Primary care trusts are visiting learning disability hospital patients only twice a year on average, despite concerns about the client group’s vulnerability, Community Care can reveal.
Information from 32 PCTs showed four people have had no visits at all in the past 12 months.
PCTs pay on average £2,770 a week for places in learning disability hospitals which are intended for short-term assessment and treatment.
Read our special report on long stays in learning disability hospitals
But Keith Smith, chief executive of the British Institute of Learning Disabilities, said the figures “gave the lie” to this idea, because short-term placements would need to be monitored more closely.
“It seems far too low to me that people are being visited that infrequently,” said Anthea Sully, director of the Learning Disability Coalition. “This is supposed to be a temporary measure for people to be able to move forward from a crisis, which means placements need to be reviewed.”
BBC Panorama’s screening of the Winterbourne View abuse scandal led to criticism of the PCT commissioners involved for failing to monitor the quality of care they were paying for. This will be investigated as part of the serious case review.
Last month, Community Care revealed that the Care Quality Commission had failed to inspect any learning disability hospitals between October 2010 and January 2011.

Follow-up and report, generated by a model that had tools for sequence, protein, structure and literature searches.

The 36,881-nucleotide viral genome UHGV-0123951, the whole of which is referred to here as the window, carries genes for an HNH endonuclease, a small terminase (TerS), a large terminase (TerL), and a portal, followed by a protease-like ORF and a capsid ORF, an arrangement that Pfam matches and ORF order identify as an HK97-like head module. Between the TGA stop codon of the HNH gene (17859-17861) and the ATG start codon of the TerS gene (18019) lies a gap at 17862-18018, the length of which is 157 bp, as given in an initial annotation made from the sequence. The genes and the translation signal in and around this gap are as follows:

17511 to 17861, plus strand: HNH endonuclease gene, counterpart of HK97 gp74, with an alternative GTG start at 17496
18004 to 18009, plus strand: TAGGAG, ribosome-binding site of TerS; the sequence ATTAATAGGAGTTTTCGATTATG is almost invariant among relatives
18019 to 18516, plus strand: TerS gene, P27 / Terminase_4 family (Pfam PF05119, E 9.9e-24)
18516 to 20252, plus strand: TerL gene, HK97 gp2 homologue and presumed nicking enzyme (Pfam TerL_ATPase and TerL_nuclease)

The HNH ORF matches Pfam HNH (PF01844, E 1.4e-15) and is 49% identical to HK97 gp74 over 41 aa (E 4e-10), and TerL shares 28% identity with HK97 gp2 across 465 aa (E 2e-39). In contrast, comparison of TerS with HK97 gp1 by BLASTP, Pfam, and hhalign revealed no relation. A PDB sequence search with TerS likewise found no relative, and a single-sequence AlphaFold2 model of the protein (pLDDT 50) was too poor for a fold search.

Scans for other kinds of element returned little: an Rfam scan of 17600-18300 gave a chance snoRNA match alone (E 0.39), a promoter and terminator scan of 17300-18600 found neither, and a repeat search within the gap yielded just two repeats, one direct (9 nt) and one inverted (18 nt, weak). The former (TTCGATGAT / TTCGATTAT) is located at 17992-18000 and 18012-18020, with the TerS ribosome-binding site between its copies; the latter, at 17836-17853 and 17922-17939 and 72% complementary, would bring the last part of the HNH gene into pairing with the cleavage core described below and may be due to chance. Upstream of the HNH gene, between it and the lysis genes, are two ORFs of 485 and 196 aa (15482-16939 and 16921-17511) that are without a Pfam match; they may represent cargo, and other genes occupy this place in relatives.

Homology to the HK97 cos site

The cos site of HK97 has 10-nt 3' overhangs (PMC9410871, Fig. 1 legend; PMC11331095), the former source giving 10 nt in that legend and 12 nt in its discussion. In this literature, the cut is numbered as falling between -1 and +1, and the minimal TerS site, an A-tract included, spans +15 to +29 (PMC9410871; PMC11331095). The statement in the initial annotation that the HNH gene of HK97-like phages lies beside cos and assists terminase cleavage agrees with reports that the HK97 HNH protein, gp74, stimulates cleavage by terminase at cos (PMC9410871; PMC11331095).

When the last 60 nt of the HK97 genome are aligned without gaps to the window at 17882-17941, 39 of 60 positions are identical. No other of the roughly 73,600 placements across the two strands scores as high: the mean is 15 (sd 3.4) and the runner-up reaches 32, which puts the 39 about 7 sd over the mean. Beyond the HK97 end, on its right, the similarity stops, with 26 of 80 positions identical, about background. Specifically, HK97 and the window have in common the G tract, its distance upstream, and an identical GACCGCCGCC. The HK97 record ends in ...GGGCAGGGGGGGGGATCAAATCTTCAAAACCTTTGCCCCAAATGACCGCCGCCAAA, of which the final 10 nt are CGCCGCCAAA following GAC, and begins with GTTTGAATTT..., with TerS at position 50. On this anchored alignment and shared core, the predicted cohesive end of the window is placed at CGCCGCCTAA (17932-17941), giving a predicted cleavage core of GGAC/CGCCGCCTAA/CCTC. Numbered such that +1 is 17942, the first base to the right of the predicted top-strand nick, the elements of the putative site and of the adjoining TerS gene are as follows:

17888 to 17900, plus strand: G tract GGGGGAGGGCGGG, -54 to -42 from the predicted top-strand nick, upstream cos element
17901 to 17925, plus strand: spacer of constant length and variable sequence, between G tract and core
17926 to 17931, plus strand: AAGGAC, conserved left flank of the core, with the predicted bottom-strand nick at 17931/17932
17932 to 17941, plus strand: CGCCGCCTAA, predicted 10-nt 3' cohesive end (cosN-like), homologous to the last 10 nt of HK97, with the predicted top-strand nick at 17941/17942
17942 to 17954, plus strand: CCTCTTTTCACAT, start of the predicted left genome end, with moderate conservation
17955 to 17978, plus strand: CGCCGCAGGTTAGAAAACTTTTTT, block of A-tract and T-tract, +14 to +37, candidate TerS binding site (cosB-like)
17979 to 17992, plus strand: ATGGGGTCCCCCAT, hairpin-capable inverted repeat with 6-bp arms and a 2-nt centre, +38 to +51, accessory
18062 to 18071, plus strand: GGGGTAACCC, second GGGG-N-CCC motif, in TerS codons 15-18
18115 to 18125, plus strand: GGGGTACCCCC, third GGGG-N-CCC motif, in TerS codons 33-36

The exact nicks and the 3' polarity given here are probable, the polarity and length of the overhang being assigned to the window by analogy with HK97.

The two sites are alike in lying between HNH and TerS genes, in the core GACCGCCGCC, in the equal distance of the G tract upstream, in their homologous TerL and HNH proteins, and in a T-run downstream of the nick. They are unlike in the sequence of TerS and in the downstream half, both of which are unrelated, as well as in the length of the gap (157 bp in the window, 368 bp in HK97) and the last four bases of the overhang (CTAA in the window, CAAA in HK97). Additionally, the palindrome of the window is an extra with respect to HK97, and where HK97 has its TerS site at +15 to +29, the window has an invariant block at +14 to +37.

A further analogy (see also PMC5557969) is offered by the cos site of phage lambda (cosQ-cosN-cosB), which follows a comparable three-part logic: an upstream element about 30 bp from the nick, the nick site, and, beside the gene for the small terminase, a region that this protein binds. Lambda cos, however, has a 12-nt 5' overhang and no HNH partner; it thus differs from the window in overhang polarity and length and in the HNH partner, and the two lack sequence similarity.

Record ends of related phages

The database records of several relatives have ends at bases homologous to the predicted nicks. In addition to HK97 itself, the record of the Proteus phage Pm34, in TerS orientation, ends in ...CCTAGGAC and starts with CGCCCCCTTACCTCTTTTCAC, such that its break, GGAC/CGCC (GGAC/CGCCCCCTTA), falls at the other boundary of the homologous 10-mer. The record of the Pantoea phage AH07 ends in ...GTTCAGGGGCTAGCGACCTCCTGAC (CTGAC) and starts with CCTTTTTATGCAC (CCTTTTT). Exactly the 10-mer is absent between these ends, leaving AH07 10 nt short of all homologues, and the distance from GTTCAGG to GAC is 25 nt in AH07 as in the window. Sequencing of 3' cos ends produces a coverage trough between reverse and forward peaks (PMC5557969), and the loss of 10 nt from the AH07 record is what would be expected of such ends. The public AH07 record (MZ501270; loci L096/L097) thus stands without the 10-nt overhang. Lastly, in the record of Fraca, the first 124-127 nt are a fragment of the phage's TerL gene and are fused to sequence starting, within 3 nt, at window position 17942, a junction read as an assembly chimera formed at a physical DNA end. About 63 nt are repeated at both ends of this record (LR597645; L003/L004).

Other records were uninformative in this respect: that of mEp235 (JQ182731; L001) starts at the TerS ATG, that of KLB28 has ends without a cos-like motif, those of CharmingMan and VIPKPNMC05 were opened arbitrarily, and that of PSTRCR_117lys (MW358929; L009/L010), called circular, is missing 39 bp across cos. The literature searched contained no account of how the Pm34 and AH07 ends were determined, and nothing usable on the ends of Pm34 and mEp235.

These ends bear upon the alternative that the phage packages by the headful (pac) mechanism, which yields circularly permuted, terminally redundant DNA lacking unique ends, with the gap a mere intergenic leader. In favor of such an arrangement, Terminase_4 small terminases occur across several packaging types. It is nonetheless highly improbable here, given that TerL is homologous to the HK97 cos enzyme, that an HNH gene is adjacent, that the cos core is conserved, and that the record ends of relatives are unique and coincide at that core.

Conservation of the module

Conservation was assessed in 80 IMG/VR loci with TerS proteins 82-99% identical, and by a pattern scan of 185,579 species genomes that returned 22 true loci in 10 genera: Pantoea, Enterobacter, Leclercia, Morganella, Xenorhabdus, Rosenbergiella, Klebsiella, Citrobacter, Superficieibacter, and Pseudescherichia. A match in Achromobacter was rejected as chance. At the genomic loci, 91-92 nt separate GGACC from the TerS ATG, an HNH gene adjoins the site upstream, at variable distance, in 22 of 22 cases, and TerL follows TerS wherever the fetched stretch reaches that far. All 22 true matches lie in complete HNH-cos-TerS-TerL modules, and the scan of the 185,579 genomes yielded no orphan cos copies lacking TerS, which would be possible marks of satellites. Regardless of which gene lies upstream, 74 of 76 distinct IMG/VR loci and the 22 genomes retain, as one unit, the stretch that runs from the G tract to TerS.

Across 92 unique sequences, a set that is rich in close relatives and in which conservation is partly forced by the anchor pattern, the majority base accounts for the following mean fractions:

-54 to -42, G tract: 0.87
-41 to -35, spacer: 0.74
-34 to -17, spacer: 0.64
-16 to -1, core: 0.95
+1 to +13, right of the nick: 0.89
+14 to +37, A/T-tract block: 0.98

“We have already got inadequate inspection and inadequate commissioning reviewing the service,” added Sully. “For the people receiving the service it feels like they have been forgotten.”
Case study: ‘My son has been mentally destroyed’
Terry Rooney (pictured below) says the past five years spent in learning disability hospitals have “mentally destroyed” his son.
“He was supposed to be up there for six months and then back home,” he says.
Rooney’s son, who has autism and is also called Terry, has been in learning disability hospitals since 2006, and has spent time at Winterbourne View, the hospital at the centre of the abuse scandal uncovered by BBC Panorama.
Rooney Snr says his son, who is 29, has become more aggressive and difficult to deal with since entering hospital.
“It mentally destroyed him,” he says. “His behaviour is 10 times worse than when he was at home. He blames us for putting him there, I’m the fall guy.”
However, Rooney Snr blames the local adults’ services department for the situation.
He says he was unable to find adequate help when his son was still at home. The council offered only one hour’s day care a week and Rooney Jnr had to be accompanied by his father.
Rooney Jnr was later placed in hospitals in Bristol and Cardiff, even though his parents lived far away. He was placed locally briefly but the facility was closed due to lack of demand.
The effect of Terry Rooney Jnr’s prolonged “incarceration” on his parents was devastating. “My wife is on a lot of medication and she’s on the caseload of the mental health team for depression,” says Rooney Snr.
He has also been offered medication to cope with stress. He says he just wants his son back home but with adequate community support.
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